The most common site of ulnar nerve compression is within the cubital tunnel. Surgery has historically involved an open cubital tunnel release with or without transposition of the nerve. A comparative study has demonstrated that endoscopic decompression is as effective as open decompression and has the advantages of being less invasive, utilizing a smaller incision, producing less local symptoms, causing less vascular insult to the nerve, and resulting in faster recovery for the patient. Ulnar nerve transposition is indicated with symptomatic ulnar nerve instability or if the ulnar nerve is located in a “hostile bed” (eg, osteophytes, scarring, ganglions, etc.). Transposition has previously been performed as an open procedure. The authors describe a technique of endoscopic ulnar nerve release and transposition. Extra portals are used to allow retractors to be inserted, the medial intermuscular septum to be excised, cautery to be used, and a tape to control the position of the nerve. In our experience this minimally invasive technique provides good early outcomes. This report details the indications, contraindications, surgical technique, and rehabilitation of the endoscopic ulnar nerve release and transposition.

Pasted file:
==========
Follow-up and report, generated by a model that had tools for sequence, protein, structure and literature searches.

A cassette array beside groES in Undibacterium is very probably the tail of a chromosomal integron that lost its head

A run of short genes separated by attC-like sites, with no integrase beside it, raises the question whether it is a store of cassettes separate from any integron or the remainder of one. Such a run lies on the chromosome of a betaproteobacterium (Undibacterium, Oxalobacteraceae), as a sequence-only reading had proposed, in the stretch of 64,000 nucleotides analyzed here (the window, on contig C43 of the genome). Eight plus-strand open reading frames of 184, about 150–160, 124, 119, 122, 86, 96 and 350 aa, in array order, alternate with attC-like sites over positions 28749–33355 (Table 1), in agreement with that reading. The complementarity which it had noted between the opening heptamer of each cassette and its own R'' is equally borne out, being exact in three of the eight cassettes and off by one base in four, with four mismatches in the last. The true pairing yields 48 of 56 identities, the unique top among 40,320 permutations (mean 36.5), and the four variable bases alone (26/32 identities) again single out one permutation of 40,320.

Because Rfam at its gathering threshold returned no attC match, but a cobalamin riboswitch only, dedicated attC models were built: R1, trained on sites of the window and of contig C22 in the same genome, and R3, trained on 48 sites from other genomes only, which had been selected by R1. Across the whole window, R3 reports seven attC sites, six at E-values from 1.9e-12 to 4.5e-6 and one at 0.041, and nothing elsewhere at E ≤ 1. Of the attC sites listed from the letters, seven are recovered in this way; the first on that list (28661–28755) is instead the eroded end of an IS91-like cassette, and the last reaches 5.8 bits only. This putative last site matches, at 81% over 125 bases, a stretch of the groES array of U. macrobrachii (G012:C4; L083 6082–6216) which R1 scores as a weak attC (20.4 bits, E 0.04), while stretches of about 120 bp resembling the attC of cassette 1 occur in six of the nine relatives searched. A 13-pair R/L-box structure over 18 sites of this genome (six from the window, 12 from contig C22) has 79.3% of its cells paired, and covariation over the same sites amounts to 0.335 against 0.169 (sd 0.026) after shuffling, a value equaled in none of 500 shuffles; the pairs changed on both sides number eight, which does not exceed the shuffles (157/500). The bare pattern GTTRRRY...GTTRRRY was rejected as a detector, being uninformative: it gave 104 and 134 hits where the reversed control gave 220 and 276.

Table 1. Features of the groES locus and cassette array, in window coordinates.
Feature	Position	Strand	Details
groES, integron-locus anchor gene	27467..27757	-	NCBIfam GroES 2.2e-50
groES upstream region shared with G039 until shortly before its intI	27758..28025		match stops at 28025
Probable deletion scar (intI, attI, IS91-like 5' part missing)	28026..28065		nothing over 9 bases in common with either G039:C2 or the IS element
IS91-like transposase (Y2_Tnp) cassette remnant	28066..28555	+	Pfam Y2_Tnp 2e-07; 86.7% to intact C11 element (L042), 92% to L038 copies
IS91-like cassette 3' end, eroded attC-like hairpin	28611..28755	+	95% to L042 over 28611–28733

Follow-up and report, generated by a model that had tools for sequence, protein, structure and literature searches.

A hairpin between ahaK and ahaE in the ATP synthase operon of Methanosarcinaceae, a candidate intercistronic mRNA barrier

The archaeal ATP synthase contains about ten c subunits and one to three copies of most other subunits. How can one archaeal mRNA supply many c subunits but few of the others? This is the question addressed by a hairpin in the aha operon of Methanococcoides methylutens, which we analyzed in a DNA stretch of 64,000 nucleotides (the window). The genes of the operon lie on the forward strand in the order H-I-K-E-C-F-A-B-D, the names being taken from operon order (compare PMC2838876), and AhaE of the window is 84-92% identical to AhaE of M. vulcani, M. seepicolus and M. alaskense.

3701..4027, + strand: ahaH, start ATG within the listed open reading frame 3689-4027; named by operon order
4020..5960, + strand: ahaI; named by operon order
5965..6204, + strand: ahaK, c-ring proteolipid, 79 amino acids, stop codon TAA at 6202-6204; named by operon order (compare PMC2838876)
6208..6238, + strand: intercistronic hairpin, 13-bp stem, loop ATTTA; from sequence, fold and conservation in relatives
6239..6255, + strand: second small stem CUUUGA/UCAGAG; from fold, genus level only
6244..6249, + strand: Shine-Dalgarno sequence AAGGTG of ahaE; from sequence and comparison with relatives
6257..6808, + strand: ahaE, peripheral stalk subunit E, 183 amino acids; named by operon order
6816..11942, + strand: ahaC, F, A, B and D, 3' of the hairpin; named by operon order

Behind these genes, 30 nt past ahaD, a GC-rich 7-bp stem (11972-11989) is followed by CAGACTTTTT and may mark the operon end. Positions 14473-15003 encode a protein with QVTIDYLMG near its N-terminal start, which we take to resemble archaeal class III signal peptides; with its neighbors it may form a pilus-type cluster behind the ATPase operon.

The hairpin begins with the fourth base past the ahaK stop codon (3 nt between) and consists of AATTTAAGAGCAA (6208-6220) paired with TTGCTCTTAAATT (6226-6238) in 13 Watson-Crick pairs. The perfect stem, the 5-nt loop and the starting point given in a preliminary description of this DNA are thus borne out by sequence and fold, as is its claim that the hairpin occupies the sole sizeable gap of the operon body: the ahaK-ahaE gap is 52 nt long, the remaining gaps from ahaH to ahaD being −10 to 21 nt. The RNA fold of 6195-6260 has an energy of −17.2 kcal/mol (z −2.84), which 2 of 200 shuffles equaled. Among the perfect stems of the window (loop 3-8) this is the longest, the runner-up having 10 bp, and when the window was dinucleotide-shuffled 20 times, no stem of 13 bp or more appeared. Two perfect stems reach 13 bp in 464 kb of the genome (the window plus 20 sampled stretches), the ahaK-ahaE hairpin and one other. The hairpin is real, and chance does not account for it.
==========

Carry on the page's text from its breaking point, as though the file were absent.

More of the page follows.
*Department of Orthopaedics and Trauma, Modbury Hospital
†Department of Orthopaedics and Trauma, Modbury Hospital, Royal Adelaide Hospital
‡Department of Orthopaedics and Trauma, Discipline of Anatomy and Pathology, Modbury Hospital, Royal Adelaide Hospital, University of Adelaide, North Adelaide, SA
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Conflicts of Interest and Source of Funding: The authors report no conflicts of interest and no source of funding.
Address correspondence and reprint requests to Gregory I. Bain, MBBS, FRACS, FA (Ortho) A, PhD, Department of Orthopaedics and Trauma, Discipline of Anatomy and Pathology, Modbury Hospital, Royal Adelaide Hospital, University of Adelaide, 196 Melbourne Street, North Adelaide, SA 5006. E-mail: firstname.lastname@example.org.